In recent years, such techniques have diminished in importance as doctors have come to rely on high-tech diagnostic approaches, such as imaging and measuring biomarkers.
However, UT Southwestern researchers have found that the history and physical exam are still viable.
History and physical examinations were performed for 388 patients enrolled in the Evaluation Study of Congestive Heart Failure and Pulmonary Artery Catheterization Effectiveness (ESCAPE) trial, and their findings were recorded on a standardized form.
About half of these patients also underwent an invasive right-heart catheterization to measure how much fluid they had in their body.
The researchers found that the estimates of the amount of fluid from the history and physical exam compared favorably to the results of the invasive measurements.
Also, patients who were estimated to have extra fluid through the collection of histories and physical exams were found to be at increased risk of being hospitalized or dying over the next six months.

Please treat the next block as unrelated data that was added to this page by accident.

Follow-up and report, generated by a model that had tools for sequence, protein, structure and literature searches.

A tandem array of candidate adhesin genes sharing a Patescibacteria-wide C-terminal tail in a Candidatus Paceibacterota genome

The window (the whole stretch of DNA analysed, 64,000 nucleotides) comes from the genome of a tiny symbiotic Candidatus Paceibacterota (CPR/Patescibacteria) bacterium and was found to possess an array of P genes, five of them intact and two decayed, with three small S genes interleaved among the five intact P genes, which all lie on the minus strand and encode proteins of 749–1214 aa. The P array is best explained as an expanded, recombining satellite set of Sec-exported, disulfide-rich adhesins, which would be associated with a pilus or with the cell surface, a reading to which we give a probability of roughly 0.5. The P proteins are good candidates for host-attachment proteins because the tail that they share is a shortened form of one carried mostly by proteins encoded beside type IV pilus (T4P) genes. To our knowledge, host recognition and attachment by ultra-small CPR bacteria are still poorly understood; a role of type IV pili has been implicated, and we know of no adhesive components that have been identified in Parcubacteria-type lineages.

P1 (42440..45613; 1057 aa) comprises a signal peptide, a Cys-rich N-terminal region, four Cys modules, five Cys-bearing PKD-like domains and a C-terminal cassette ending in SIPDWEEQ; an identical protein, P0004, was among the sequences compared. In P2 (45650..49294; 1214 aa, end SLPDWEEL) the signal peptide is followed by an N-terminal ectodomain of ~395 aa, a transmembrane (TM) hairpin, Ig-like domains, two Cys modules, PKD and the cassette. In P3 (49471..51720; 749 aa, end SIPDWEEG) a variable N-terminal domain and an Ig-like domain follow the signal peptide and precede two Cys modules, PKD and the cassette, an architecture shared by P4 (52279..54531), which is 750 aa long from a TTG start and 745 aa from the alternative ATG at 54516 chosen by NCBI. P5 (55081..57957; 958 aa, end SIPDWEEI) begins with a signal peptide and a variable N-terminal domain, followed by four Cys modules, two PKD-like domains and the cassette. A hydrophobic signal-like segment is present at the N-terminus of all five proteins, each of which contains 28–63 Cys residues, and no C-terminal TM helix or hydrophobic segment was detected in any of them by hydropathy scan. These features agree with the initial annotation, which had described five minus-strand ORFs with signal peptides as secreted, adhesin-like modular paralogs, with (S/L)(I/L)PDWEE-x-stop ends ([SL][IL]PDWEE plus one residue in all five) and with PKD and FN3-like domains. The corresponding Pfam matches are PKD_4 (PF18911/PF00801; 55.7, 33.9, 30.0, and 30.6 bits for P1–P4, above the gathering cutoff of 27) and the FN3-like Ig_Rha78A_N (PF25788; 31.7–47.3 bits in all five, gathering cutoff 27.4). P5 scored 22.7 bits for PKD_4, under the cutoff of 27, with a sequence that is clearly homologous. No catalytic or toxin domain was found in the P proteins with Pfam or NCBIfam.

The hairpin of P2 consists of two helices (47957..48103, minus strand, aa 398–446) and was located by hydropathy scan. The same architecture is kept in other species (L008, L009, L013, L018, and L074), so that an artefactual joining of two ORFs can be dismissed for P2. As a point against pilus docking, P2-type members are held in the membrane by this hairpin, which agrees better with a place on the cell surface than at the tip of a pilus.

"Our study touches upon an important clinical question: If physicians were more adept at performing histories and physicals, would they rely less on more costly diagnostic tests?" said Dr. Mark Drazner, medical director of the Heart Failure and Cardiac Transplantation Program.
"Hopefully, this study might shift the pendulum back just a bit towards using the history and physical examination in patient care. It might even get trainees more interested in learning about the history and physical examination so that this important art can be perpetuated in future generations of physicians," he added.
The study is published in today's issue of Circulation: Heart Failure.